Re-empowering Port Augusta
in Mike and the Bush Mechanics on 14 September 2012
AS we rolled into Port Augusta, Allan, the travelling salesman who was driving, told me that South Australians call the town Port Agutter. “No one cares about anything much up here,” he said. A police car was stopped up ahead. “That’ll be an issue with the tinted ones.”
Until then, we’d had a pleasant yarn. When we got closer, we saw a young Indigenous man sitting on the footpath.
The council’s slogan is “the crossroads of Australia”. I suppose Allan would snigger at that. In part, it’s a service town – nearly a third of employees are in community or admin work. One in five of the town’s residents are Indigenous. It’s a hub for the state’s northern regions.
Mainly, though, it’s a struggling industrial town. Cargo trains line its eastern flank, and coal power plants lie south and north. The lung cancer rate is twice the expected national average.
Nevertheless, at the top of Spencer Gulf, the foreshore is pretty. I drove to Perth in the heat of summer ten years ago and one of the images that remains in my mind is watching young Indigenous kids backflipping into the sparkling water from a small jetty there.
This time, my experience countered Allan’s cynicism. In fact, I lingered a day longer, because I’d been told there’d be a stall outside Woolies, set up by Repower Port Augusta.
In the library, I briefly met Daniel Spencer, a worker with the Australian Youth Climate Coalition who’d been living there for a few months, helping with the local community group’s campaign. We didn’t talk long – he was heading off to meet with a local elder.
The Repower campaign unites some unlikely allies: the local council, the business coalition and the National Union of Workers, as well as environmentalists near and far. They all want to replace the two coal power plants with solar thermal ones, if for different reasons. The locals want jobs, and solar thermal promises more ongoing employment than the other alternative, gas.
For the time being, neither plant is operating, although the generator, Alinta, plants to fire up one for the summertime peak season. But it, too, is interested in solar thermal, albeit on a smaller scale.
A poll taken by Repower last month recorded votes from one-third of the town’s residents, and 99 out of every 100 ticked the box for renewables. This Sunday, September 16, there’ll be a rally signalling the start of the Walk for Solar. About 100 students are marching from there to Adelaide – 325 kilometres in two weeks – arriving for another rally in the big smoke, where they’re calling for an end to the coal smoke altogether.
So, with all this in mind, I thought I’d stick around. But the stall didn’t happen. Overnight, the federal government announced it had stopped negotiations for payouts to close the country’s least efficient plants, Port Augusta’s among them. They’ll receive compensation to keep running, instead. Dan jumped on a bus to Adelaide to attend a protest, and figure out what next.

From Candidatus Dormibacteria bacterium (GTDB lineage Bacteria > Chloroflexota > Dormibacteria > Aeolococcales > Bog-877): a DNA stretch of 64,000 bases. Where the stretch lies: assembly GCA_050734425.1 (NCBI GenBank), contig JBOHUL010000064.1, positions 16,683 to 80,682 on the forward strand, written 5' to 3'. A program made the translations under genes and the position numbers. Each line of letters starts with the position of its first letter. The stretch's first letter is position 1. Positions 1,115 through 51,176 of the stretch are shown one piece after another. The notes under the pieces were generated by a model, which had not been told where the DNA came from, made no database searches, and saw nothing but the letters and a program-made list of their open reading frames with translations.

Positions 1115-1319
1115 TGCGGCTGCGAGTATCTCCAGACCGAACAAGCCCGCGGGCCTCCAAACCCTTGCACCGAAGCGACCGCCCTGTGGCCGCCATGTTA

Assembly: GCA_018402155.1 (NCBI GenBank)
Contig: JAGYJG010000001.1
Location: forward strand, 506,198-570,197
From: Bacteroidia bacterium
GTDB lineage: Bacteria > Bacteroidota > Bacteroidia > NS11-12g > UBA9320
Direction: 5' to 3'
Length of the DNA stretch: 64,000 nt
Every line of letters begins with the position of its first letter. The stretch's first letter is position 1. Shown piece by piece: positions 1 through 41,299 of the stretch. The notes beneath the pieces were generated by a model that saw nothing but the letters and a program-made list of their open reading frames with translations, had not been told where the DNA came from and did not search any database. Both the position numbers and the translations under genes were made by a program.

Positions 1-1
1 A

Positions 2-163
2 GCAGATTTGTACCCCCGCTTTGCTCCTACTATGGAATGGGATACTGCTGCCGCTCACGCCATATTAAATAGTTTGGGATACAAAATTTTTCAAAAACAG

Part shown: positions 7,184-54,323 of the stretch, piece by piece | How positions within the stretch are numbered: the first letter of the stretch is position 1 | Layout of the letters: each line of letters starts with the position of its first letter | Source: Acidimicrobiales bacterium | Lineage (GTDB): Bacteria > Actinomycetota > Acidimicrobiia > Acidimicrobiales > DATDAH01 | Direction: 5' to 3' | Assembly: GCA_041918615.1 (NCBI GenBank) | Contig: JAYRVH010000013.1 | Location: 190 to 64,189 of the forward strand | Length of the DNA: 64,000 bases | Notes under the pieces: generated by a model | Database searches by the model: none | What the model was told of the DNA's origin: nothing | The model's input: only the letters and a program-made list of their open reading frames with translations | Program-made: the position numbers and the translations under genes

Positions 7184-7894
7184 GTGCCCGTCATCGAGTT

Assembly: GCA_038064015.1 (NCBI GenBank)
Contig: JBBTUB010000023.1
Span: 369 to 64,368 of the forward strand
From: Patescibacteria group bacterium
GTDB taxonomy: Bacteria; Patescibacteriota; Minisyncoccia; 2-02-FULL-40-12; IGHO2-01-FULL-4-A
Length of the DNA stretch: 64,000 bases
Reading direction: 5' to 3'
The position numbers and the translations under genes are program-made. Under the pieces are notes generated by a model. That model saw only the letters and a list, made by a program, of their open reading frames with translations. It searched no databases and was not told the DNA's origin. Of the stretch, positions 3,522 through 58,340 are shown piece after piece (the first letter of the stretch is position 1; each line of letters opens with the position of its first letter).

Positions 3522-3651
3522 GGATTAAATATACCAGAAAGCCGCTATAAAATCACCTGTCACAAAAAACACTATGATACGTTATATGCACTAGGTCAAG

In the absence of the stall, I got the best image I could. Just put your thumb over the ‘Ty’.
My experience in Port Augusta also countered Allan’s racism. Heading north, I got a lift from Robbie and Jimmy Barnes, an Arabunna man and his son, who were driving to Roxby Downs, where Jimmy was about to do a stint as a trades assistant.
Robbie had lived and worked there for a spell, decades ago. He’d worked all over as a boiler-maker. Early in the drive, there was a moment of silence. He shifted stiffly in his seat and looked at me in the rearview. “C’mon Mick, give us some yarnin’. Tell us a story about what it’s like in Melbourne!”
I went blank, but it didn’t matter. Robbie filled the space. He was talker of the first order. He spoke about growing up on Davenport Reserve north of town, the places they’d walked and camped, and how many goals he kicked from the forward flank. He grouched about young men drinking and fighting, about his diabetes and failing eyesight, and about the black cloud from Maralinga that killed his wife’s mother and many of her people.
As we drove on, Jimmy began to talk more too. He said there were too many suicides in town. But he thought that the programs run by a group of local Indigenous men called Males in Black (PDF, see page 12) made a difference, if only they could run them more often.
They dropped me off in Pimba, inviting me to visit them when I came to Port Augusta next time. “Just ask for the Barnes Boys,” Robbie said, with a wry smile. “We’re more famous than the Kelly Gang.”